Comments
     
There are no comments in this forum. Be first and add one

Featured Videos

Your JavaScript is turned off or you have an old version of Adobe's Flash Player. Get the latest Flash player.
Malaysia Struggles to Stop People Joining Jihadi
X
Mahi Ramakrishnan
September 30, 2014 2:16 PM
Malaysian authorities say militant groups like the so-called "Islamic State" have used social media to entice at least three dozen Malaysian Muslims to fight in what they call "jihad" in Syria and Iraq. As Mahi Ramkrishnan reports from Kuala Lumpur, counterterrorism police are deeply worried about what could happen when these militants return home.
Video

Video Malaysia Struggles to Stop People Joining Jihad

Malaysian authorities say militant groups like the so-called "Islamic State" have used social media to entice at least three dozen Malaysian Muslims to fight in what they call "jihad" in Syria and Iraq. As Mahi Ramkrishnan reports from Kuala Lumpur, counterterrorism police are deeply worried about what could happen when these militants return home.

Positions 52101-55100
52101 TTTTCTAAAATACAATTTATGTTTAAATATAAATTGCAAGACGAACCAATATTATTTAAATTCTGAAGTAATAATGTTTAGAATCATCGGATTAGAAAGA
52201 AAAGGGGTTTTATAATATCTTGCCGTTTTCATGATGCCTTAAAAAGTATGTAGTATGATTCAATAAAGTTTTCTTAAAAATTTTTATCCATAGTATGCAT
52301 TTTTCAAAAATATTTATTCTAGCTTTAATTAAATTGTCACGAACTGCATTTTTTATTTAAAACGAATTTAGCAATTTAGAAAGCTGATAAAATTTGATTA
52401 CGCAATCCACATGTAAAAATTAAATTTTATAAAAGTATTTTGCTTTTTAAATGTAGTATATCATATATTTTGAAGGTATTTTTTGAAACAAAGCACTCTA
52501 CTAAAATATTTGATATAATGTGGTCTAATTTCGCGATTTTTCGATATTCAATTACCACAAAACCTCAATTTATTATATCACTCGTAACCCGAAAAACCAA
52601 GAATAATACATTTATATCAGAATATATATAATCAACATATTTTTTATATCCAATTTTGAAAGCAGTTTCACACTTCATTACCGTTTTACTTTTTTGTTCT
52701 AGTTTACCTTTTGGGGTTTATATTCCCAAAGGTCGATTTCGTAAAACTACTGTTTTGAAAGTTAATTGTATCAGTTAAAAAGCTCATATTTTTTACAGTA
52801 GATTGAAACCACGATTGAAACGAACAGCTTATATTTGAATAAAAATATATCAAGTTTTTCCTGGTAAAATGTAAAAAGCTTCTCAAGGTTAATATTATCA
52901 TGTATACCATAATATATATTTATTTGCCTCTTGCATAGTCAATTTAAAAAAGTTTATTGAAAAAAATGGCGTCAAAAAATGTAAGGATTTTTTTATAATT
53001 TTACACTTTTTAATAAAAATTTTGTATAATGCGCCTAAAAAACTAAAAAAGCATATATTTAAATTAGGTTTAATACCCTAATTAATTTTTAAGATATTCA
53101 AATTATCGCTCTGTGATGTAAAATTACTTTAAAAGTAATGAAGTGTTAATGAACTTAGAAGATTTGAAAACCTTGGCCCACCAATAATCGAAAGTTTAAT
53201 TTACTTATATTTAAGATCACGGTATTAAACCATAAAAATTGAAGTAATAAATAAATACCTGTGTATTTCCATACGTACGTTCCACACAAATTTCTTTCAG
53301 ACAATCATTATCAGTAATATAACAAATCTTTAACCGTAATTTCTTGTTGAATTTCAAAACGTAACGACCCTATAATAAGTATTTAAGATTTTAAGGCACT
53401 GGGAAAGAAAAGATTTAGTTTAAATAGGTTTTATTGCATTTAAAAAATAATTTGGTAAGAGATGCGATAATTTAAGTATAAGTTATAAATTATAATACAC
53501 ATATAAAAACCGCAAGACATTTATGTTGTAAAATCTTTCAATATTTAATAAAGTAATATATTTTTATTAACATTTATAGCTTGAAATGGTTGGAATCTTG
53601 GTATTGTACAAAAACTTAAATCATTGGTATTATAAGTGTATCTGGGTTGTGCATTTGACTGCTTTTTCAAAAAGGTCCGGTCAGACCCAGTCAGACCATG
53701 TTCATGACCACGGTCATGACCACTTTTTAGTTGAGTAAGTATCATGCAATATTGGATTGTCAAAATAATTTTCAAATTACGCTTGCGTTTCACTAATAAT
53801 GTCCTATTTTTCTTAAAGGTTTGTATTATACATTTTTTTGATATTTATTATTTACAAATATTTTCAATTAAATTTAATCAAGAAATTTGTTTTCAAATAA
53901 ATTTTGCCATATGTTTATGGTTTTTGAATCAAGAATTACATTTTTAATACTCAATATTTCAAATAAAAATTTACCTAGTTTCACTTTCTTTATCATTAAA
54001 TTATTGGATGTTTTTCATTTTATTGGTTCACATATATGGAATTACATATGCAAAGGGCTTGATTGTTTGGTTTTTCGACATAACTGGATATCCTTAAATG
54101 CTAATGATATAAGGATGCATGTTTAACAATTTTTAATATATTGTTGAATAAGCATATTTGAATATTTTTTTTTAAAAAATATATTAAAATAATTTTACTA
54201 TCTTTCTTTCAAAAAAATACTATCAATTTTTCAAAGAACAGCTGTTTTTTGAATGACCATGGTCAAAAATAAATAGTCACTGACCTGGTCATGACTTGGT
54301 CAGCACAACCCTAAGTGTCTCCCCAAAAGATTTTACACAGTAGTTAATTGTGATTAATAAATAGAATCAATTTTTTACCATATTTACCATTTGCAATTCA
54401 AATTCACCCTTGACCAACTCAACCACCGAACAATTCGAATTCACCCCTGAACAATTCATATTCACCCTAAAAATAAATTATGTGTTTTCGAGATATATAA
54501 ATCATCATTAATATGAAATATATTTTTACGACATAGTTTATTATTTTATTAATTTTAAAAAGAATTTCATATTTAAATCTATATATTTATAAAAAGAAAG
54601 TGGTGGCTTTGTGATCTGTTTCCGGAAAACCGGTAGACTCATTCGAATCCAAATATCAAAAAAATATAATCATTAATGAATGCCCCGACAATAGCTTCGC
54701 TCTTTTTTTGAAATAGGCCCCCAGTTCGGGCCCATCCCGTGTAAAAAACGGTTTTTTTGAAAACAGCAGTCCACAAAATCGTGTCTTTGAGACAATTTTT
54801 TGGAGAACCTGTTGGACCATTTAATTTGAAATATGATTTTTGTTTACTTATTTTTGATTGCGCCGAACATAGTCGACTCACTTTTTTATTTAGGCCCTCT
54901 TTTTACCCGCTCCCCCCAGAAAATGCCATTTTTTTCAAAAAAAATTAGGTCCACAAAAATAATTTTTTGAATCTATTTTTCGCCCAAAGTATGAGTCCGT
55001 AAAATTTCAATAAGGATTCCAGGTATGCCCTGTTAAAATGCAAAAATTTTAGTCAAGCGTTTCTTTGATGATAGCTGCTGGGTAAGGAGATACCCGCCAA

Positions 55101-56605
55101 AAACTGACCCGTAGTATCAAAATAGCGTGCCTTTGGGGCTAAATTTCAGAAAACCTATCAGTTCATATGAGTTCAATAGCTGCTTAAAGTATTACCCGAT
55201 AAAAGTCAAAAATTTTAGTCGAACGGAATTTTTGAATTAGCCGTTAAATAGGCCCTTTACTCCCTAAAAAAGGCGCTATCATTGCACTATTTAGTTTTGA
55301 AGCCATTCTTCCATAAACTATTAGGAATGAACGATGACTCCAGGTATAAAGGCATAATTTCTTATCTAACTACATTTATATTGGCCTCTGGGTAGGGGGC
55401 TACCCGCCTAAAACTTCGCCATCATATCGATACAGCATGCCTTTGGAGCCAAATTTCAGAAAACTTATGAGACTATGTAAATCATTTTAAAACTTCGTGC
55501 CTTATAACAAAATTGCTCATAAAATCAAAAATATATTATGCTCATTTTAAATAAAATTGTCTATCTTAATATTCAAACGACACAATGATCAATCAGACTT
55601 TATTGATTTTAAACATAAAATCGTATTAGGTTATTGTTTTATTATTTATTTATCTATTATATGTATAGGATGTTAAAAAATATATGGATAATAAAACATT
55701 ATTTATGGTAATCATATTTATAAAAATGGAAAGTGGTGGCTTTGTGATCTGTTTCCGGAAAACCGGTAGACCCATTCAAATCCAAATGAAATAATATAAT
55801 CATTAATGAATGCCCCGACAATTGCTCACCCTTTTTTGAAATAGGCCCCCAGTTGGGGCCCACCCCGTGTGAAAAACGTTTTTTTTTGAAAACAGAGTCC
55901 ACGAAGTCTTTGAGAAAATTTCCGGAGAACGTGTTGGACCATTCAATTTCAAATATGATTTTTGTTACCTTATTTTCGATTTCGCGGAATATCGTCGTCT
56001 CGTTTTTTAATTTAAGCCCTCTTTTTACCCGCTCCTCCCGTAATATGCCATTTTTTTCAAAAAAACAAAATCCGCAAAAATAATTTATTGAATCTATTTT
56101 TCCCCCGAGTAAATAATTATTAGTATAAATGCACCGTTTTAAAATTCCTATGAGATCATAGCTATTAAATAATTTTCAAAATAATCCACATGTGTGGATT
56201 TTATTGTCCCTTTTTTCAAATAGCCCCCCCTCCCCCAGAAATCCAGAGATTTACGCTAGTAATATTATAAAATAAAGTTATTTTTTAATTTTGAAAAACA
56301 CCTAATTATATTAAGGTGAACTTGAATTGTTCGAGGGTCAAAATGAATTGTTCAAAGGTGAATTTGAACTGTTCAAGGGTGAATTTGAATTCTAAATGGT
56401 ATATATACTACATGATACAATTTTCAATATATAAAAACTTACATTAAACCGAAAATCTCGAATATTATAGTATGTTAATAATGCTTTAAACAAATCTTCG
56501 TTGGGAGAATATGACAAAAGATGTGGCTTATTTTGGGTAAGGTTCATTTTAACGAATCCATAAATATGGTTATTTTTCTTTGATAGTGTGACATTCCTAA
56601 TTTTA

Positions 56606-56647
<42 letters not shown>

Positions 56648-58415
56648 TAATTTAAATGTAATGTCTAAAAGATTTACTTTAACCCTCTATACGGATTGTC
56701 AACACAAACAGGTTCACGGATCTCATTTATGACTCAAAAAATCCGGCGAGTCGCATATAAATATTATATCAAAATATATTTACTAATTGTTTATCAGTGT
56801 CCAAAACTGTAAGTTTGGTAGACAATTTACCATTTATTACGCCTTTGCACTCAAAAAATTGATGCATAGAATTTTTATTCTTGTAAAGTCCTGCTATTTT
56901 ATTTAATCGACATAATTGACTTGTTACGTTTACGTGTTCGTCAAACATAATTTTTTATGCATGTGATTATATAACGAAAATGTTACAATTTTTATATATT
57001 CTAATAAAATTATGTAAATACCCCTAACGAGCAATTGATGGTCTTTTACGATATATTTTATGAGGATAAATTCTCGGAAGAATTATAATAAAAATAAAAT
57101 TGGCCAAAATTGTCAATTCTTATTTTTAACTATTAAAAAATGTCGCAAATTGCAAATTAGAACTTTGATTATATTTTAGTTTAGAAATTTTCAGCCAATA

Video

Video Could US Have Done More to Stop Rise of Islamic State?

President Obama says airstrikes against Islamic State militants in Syria will likely continue for some time because, in his words, "there is a cancer that has grown for too long." So what if President Obama had acted sooner in Syria to arm more-moderate opponents of both the Islamic State and the Syrian government? VOA State Department Correspondent Scott Stearns reports from the United Nations.
Video

Video Treasure Hunters Seek 'Hidden Treasure' in Central Kenya

Could a cave in a small village in central Kenya be the site of buried treasure? A rumor of riches, left behind by colonialists, has some residents dreaming of wealth, while others see it as a dangerous hoax. VOA's Gabe Joselow has the story.
Video

Video Iran's Rouhani Skeptical on Syria Strikes

Iranian President Hassan Rouhani expressed skepticism Friday that U.S.-led airstrikes in Iraq and Syria could crush Islamic State militants. From New York, VOA’s Margaret Besheer reports the president was also hopeful that questions about Iran’s nuclear program could be resolved soon.